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  • Don't ignore this. My body's pretty strong and adaptable, so I tend to abuse it a bit. About a month ago I went to roll out of bed and suddenly my World became pain. My lower back had 'adjusted' and compressed the Sciatic nerve. Physio is making it better, and then I'll start exercising (had done NOTHING over the cold, snowy Winter we just had, and ate poorly so gained weight...) Not sure it'll ever feel the same...

    You don't know what you've got in your health until it's gone. Address this ASAP, especially if it's only been weeks? I'm talking about YEARS in my case...

    I also just noticed HOW you said you're hurting. Try to force your shoulders back to 90 degrees as often as you can (don't hunch forward). The best thing you can do right now is pull your chair in closer to your keyboard. You're probably sitting back away from it and leaning forward to type...

    Spice (5) flagReport
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  • You need to stretch more. The link below helped fix my posture.

    http://kaasplateau.com/stretches.pdf

    Spice (7) flagReport
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  • I've done the stand up desk and have gone back down to a good desk chair, I have added a lumbar support cushion on my aeron to help remind me to sit up straight.

    Getting up for a stroll is critical though, get out of your desk!

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  • try working on core and back muscles at the gym, and get your desk setup according to the diagram others have posted 

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  • Start doing some exercises that help stretch out your shoulders/back and also as others have said, work on your core. Strength training will help you a TON. I had REALLY bad posture when I was in High School/early college and I had this back/chest strap device with little magnets on the back that lined my spine. I wore that while I was at home or especially sitting at my desk and it helped a lot. It physically and mentally forced me to have better posture.

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  • A good massage from an LMT periodically will also help keep your muscles loose.  And it feels darn good, too.  And no, I'm not talking about "those" kind of massages...

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  • I love these posts about exercising at the gym, come on, IT doesn't have time for the gym!

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  • I love these things!

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  • Exercise ball works great if you have enough space in your office to switch between that and a regular chair. 

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  • Ordered this the other day and it has been a life saver. Less than $5.

    http://www.amazon.com/gp/product/B00BISJQAS/ref=oh_aui_detailpage_o02_s00?ie=UTF8&psc=1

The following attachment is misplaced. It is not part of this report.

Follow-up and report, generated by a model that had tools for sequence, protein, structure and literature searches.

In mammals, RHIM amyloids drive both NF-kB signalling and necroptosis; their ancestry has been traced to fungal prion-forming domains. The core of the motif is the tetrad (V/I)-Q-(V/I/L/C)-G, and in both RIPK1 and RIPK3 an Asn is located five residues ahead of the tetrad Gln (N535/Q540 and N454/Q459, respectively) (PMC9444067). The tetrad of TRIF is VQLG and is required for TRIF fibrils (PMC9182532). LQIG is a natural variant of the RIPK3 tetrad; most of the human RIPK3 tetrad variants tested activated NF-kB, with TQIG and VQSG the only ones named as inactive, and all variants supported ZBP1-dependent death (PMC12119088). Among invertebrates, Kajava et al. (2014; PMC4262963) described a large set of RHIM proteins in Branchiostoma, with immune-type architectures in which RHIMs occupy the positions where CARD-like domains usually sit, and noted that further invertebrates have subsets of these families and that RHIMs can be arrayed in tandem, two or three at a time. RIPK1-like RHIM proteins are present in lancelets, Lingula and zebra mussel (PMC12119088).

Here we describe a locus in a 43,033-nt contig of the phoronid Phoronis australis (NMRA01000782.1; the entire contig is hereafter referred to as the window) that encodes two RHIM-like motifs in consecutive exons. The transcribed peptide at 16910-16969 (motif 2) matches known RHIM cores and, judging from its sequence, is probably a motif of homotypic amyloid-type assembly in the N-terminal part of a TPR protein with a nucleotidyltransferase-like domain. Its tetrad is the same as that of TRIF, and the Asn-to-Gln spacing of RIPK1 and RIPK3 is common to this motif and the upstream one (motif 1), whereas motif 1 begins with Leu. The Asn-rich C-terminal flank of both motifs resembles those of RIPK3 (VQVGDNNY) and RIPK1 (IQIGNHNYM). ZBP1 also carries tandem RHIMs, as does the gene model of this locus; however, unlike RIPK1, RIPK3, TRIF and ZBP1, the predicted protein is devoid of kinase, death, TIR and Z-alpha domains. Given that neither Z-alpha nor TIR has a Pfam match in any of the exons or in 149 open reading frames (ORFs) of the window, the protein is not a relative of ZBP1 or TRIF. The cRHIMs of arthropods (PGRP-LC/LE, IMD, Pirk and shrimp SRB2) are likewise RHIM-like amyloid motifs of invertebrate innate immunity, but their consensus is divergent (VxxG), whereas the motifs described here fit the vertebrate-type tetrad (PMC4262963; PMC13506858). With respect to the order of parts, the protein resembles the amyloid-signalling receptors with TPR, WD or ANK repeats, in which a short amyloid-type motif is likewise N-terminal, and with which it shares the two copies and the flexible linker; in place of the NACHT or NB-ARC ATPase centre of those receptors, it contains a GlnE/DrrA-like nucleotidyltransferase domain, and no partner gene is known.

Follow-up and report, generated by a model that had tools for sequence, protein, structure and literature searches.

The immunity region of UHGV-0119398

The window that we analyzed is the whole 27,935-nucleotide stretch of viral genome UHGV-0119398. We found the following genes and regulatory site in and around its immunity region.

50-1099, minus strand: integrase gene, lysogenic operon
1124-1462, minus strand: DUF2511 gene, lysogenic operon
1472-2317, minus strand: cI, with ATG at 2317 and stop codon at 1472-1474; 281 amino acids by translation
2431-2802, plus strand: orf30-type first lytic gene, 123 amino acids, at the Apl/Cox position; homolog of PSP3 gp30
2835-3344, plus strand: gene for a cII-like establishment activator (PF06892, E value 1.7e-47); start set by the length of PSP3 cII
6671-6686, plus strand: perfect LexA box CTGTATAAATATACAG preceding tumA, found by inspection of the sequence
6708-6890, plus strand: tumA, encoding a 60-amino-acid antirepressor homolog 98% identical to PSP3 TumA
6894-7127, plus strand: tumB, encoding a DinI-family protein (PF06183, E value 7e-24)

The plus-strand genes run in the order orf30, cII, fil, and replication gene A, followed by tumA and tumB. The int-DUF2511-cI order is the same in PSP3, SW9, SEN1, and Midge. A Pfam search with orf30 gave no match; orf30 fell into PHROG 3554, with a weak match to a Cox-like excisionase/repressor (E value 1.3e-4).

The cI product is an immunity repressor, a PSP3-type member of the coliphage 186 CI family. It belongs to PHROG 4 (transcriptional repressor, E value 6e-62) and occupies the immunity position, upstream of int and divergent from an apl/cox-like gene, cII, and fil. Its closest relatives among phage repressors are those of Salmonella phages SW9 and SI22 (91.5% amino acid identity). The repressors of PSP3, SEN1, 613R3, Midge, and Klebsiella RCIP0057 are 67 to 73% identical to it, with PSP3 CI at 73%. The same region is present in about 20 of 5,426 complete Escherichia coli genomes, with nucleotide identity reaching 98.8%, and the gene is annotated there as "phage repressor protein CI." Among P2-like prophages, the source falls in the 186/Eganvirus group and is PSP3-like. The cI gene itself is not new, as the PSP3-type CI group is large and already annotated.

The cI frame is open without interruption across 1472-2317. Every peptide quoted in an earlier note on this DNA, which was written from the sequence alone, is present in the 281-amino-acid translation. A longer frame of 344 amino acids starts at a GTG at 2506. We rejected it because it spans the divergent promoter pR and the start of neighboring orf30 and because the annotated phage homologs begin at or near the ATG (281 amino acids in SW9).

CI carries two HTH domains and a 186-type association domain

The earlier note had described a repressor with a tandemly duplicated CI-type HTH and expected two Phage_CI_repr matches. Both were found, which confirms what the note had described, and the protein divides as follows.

Also recommend a standing/sitting desk with a foam foot pad while you're standing. Done wonders for my lower back.

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  • 1. Monitor setup

    2. Don't sit for too long. Walk around a bit every hour or two, and think about good posture when walking and sitting.

    3. Exercises that help like face pulls

    4. Stretches that help, or yoga in general

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  • Troy Jollimore wrote:

    Don't ignore this. My body's pretty strong and adaptable, so I tend to abuse it a bit. About a month ago I went to roll out of bed and suddenly my World became pain. My lower back had 'adjusted' and compressed the Sciatic nerve. Physio is making it better, and then I'll start exercising (had done NOTHING over the cold, snowy Winter we just had, and ate poorly so gained weight...) Not sure it'll ever feel the same...

    You don't know what you've got in your health until it's gone. Address this ASAP, especially if it's only been weeks? I'm talking about YEARS in my case...

    I also just noticed HOW you said you're hurting. Try to force your shoulders back to 90 degrees as often as you can (don't hunch forward). The best thing you can do right now is pull your chair in closer to your keyboard. You're probably sitting back away from it and leaning forward to type...

    I triggered my sciatic pain one time when I sneezed.  Worst pain I ever felt in my life and I have a high pain tolerance.  I had this pain for the next 4 months until I could get into physical therapy.  I would not wish this on my worst enemy.
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  • Yes, 

    you seriously get time?

    Twice a week?? :)

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  • lkm0513 wrote:

    I triggered my sciatic pain one time when I sneezed.  Worst pain I ever felt in my life and I have a high pain tolerance.  I had this pain for the next 4 months until I could get into physical therapy.  I would not wish this on my worst enemy.
    Same here for tolerance. I've felt 'worse' pain before (and know of others that would probably be WAY worse, like Achilles tears or kidney stones... *Shudder*) Physio has 'changed' it from an electric shock going through my leg, to my one leg feeling like it's clamped in a vice, to mild muscular and lower back pain. HOPING it will go away within the next month or so, but I know people that are crippled by it, or similar symptoms.
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  • Standing more often throughout the day will help. If you can't get a standing desk then repurpose an old laptop and try and stand somewhere using that for an hour or two a day. Your job can't keep you tied to one desk/ machine 100% of the time surely..

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  • Any advice for a person too short to sit normally in a "normal" office chair? I can not achieve all the things recommended due to being too short to touch both the floor and the back of my chair at the same time.